October 25, 2014


Searching for grants in the recession

During the best of times, grantseeking is a time-consuming and resource-intensive activity.

Yet it's vital to U.S. nonprofits, which together received about $43 billion in grants from U.S. foundations in 2007 to feed, clothe, educate, house, heal and inspire people.

But securing grants when foundation assets are tanking is even harder. And it's not likely to get easier anytime soon.

Prepare ye, experts say.

The landscape

It's not pretty out there.

Over the past six months, endowments have dropped at least 22 percent to 23 percent, estimates Bill Jarvis, managing director and head of research for the Commonfund Institute, which analyzes endowments' investment performance.

That jibes with the 23 percent to 28 percent drop Kathleen Enright has been hearing about.

As president and CEO of Grantmakers for Effective Organizations, she hears the moans and groans of funders.

"A word of warning," she says. "Although we don't feel like we're insulated from the stock market crash and other economic troubles, we are to some extent because many foundations operate on a three to five-year rolling average. So the true hit to grantmaking will come in 2010."

She's referring to the fact that many large funders base their grantmaking budgets on an average of their assets over the previous three or five years, a strategy developed as a way to keep grant budgets steady even as earnings fluctuate.

But during a sharp economic downturn, that's not enough, says Jarvis.

"For a three-year spending rule, it's being felt now," he says of the squeeze on grantmaking. "In 2008, declines are so big that the rule instructs you to cut grantmaking right now. And the negative returns for '08 will be a drag on spending for 2009 and 2010."

And even if the market turns up today, it would take extremely high markets to turn spending around, he says.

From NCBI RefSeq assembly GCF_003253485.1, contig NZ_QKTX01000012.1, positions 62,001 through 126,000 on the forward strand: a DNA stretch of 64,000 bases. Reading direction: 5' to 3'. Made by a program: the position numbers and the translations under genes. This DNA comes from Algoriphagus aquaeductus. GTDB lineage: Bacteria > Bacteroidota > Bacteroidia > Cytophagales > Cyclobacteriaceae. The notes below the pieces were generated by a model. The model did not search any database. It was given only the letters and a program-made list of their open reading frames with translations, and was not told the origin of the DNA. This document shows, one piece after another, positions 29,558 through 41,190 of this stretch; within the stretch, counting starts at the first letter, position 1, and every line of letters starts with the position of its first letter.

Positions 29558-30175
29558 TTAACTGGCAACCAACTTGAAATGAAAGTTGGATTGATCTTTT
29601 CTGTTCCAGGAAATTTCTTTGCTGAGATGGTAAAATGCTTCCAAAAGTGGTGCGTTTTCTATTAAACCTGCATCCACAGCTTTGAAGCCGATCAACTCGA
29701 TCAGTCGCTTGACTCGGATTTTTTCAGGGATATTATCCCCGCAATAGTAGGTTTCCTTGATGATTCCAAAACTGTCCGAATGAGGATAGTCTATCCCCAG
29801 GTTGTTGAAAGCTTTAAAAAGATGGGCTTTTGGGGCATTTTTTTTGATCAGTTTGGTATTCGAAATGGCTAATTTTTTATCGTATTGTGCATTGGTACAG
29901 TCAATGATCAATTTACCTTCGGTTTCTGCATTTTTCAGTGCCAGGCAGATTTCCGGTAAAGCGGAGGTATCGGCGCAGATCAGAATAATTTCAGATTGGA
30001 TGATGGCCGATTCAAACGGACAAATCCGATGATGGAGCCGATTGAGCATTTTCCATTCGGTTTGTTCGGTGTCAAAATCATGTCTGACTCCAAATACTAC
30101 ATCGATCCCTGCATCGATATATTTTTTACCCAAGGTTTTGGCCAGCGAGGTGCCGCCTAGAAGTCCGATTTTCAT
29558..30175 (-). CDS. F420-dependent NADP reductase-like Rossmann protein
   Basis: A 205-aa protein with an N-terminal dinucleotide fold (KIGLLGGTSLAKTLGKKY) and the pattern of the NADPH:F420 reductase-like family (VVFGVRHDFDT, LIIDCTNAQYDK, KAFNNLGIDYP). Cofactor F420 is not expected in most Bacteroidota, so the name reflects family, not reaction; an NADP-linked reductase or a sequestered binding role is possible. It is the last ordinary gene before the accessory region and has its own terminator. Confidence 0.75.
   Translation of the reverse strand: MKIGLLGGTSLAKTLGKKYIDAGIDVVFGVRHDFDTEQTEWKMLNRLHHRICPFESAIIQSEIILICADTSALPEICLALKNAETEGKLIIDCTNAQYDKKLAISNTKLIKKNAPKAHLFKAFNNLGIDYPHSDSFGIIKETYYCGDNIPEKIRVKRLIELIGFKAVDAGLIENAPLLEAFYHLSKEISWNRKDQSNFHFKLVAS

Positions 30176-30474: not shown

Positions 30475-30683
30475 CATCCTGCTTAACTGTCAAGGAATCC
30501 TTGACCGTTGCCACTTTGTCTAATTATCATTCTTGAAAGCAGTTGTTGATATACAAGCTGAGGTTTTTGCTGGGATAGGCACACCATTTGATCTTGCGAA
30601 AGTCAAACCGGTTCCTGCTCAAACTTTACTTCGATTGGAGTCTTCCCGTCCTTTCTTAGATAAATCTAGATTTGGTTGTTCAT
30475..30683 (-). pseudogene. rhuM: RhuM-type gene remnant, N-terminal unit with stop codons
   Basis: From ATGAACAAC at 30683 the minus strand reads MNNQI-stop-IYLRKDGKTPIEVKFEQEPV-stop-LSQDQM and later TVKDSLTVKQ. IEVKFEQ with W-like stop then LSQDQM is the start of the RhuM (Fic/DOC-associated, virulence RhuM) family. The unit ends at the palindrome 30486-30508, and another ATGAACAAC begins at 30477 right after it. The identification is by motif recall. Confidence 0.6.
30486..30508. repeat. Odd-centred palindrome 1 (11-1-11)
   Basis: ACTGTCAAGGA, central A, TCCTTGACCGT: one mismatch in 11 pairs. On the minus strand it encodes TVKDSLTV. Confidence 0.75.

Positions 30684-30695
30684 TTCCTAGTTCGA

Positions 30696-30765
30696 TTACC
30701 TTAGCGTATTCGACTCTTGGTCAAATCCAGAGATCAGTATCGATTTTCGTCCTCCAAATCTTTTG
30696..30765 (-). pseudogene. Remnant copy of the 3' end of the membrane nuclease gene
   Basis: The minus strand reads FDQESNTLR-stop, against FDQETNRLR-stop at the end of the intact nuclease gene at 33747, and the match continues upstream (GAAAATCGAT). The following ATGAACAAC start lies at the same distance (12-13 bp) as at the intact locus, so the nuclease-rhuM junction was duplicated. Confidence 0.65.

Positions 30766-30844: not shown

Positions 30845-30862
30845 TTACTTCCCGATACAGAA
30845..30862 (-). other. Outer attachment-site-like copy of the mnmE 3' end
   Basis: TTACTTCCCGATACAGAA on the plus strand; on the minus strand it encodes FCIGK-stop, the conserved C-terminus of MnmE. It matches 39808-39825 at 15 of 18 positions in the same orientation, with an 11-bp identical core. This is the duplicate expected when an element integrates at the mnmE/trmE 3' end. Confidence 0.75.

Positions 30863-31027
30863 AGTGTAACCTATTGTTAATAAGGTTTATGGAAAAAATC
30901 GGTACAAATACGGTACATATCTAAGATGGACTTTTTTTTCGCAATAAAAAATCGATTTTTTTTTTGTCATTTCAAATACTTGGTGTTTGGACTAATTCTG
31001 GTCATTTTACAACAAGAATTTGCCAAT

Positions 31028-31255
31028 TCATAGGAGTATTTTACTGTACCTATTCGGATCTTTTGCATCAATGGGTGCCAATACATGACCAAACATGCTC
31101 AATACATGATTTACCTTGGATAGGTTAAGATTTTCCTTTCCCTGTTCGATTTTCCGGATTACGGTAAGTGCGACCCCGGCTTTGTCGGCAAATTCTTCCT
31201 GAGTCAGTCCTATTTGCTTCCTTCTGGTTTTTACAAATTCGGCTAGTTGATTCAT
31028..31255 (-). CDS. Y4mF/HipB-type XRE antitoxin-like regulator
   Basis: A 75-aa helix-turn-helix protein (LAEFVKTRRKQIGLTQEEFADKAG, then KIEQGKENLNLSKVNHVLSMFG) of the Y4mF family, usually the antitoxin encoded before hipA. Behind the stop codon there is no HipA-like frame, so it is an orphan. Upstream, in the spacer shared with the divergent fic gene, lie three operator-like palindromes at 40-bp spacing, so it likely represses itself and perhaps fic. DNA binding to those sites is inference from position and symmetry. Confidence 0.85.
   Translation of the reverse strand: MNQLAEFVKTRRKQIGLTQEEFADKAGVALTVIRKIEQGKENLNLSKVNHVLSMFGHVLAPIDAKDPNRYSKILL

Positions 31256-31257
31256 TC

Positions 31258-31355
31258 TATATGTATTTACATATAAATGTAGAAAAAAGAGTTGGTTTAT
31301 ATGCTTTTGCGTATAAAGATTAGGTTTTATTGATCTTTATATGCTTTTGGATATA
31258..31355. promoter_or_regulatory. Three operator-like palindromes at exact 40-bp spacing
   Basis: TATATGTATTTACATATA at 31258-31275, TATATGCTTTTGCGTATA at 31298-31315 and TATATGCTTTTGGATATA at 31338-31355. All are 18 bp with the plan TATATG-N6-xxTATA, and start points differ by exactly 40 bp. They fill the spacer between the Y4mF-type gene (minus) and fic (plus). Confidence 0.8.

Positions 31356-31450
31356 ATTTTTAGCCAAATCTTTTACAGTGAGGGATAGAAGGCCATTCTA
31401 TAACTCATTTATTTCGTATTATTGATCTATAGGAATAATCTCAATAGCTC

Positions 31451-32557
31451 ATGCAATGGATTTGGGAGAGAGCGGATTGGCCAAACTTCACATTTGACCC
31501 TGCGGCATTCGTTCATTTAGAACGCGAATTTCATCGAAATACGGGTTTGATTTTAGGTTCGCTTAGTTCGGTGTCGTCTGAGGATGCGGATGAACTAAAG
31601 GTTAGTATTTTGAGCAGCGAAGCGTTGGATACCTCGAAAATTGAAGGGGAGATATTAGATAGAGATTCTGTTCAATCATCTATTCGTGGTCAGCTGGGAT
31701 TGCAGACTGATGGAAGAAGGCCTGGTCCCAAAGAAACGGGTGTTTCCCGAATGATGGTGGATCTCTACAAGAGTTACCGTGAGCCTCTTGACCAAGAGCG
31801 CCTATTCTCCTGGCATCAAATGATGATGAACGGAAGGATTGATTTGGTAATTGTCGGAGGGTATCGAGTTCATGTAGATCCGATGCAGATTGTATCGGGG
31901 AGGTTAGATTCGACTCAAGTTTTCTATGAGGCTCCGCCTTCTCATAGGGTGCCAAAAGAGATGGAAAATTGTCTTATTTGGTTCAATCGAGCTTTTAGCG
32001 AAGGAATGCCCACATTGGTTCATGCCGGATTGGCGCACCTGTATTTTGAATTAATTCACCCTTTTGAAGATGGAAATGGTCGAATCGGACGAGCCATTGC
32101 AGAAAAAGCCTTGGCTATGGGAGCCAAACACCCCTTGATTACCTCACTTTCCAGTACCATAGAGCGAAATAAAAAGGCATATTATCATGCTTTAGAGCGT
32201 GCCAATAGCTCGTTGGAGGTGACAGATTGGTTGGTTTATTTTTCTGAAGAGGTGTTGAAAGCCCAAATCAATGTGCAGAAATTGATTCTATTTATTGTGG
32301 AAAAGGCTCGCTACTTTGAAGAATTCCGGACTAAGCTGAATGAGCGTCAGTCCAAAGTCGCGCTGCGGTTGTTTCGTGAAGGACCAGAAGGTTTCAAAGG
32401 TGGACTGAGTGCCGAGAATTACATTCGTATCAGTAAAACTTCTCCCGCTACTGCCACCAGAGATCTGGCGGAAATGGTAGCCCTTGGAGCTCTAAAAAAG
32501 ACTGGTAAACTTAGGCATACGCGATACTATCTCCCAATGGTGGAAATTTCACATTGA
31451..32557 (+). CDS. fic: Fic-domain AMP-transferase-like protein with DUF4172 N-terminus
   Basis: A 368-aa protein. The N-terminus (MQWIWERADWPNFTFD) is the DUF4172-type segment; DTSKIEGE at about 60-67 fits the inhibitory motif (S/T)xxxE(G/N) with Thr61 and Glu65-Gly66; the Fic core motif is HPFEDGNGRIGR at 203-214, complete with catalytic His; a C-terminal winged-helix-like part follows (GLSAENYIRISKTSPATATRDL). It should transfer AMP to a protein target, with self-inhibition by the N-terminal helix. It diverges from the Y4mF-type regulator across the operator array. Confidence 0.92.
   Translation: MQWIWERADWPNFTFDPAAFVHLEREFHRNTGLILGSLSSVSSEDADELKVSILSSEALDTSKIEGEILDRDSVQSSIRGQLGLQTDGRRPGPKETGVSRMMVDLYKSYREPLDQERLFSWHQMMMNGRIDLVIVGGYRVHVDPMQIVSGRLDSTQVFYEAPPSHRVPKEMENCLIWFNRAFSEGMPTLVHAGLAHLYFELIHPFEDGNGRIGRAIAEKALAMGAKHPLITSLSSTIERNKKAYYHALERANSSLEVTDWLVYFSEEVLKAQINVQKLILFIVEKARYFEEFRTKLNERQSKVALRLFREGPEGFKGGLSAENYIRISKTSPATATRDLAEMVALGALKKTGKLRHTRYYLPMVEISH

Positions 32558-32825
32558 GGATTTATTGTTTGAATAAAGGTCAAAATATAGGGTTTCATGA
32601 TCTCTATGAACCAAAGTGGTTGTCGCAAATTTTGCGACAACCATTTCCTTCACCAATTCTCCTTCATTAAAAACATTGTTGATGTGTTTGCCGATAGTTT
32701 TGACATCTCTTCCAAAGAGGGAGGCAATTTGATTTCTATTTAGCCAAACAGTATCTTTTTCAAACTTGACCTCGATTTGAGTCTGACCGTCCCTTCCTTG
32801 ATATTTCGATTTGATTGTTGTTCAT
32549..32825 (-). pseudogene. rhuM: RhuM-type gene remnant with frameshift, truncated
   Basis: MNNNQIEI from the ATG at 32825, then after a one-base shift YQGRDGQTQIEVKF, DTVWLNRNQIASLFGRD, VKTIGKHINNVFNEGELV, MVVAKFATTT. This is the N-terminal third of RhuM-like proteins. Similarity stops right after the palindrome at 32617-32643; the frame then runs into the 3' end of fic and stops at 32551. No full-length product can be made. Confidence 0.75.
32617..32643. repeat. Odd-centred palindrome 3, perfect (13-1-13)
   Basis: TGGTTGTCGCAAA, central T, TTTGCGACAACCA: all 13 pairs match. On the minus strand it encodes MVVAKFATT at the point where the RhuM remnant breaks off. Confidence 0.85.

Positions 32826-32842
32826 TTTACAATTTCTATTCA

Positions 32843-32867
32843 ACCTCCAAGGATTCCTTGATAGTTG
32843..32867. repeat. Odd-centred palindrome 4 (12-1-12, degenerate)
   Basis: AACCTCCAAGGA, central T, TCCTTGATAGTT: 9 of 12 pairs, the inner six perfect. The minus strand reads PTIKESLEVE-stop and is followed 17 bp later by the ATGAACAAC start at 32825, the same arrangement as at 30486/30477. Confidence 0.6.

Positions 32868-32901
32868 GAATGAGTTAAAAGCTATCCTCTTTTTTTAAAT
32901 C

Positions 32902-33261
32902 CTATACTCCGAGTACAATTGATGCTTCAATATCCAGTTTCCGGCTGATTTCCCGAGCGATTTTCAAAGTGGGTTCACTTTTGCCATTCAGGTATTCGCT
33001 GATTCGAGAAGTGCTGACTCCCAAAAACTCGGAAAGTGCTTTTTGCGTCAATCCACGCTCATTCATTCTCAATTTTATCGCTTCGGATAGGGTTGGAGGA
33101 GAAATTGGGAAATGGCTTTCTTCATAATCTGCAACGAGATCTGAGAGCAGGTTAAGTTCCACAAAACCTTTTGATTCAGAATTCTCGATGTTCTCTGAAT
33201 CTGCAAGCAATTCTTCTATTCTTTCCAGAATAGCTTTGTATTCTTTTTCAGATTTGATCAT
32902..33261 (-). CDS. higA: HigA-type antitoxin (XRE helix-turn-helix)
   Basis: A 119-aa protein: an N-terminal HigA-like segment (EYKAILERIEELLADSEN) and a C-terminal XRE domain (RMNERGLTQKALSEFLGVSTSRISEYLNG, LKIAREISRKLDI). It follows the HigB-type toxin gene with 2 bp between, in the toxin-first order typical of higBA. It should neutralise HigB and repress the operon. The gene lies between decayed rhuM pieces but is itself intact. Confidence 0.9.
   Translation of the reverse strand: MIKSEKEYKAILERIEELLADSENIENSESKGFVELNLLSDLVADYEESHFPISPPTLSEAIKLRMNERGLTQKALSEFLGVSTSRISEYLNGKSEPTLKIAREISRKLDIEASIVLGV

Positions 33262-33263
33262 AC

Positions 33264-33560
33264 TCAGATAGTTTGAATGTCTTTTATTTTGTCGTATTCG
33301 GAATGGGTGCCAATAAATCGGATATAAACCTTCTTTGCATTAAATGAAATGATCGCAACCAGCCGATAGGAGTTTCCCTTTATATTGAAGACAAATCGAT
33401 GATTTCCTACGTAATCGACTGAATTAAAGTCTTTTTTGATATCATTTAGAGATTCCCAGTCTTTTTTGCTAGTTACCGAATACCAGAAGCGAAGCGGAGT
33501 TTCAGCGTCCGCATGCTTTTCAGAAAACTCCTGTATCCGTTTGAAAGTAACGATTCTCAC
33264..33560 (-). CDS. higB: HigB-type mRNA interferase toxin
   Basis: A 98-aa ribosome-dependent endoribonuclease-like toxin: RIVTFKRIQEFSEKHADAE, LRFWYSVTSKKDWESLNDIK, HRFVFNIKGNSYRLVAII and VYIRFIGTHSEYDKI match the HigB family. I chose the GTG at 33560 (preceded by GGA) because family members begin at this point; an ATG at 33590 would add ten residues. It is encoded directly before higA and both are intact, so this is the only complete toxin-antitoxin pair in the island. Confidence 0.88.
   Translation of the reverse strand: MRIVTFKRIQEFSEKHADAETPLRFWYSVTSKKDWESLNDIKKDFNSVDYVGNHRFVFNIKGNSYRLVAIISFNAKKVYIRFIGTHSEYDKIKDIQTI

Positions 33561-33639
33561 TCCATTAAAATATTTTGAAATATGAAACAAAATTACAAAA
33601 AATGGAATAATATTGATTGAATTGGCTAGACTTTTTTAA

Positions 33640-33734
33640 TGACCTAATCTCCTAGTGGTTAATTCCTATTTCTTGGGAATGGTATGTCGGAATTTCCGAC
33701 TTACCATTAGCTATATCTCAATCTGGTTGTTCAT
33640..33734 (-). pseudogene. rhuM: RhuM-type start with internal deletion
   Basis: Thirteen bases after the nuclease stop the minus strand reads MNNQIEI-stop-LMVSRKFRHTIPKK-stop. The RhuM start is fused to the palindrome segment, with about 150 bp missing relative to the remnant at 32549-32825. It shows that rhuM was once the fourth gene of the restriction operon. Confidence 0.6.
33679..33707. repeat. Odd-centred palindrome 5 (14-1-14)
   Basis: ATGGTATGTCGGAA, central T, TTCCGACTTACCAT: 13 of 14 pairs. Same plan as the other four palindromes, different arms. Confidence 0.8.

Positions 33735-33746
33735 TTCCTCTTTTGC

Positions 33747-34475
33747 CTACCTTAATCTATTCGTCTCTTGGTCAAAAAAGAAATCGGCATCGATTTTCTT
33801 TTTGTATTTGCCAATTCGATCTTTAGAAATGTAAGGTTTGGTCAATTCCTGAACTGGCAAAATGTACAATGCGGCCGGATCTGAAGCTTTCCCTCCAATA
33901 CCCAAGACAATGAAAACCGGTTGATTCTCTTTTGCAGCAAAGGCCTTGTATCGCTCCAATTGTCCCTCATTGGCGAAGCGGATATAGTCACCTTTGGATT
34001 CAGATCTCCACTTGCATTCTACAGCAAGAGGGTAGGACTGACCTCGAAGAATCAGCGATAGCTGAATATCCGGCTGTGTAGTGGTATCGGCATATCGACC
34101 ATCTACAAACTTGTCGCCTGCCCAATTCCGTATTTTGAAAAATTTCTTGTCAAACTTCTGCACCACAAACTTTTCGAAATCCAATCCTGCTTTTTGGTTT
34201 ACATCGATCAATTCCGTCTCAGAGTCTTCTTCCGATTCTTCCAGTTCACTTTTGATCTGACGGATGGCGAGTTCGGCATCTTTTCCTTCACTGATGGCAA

So, Enright says, "now is the time to build your own contingencies and prepare for what could be even tougher months and years ahead, rather than relying on a quick turnaround."

Relationships plus results

The good news is that most funders are trying to honor their existing funding commitments, says Joanne Duhl, vice president for The Philanthropic Initiative, a group that helps funders design philanthropic programs.

"If there's already a commitment to the programs you're providing, then grantmakers are trying to continue those commitments," she says.

A relationship is a foot in the door, she says, and that's important as funders become more conservative, hesitant and less willing to take on new projects.

Enright agrees.

"Going back to those who funded you in the past is a much higher-potential approach than trying to solicit from a whole bunch of new funders," she says. "The deeper the relationship, the better your chances."

The foundations Enright works with generally want to make sure their current and former grantees are whole before they start funding new nonprofits, she says.

And when soliciting a foundation, be authentic.

"Never shy away from asking funders for what you need, rather than manufacturing what you think they want," says Enright.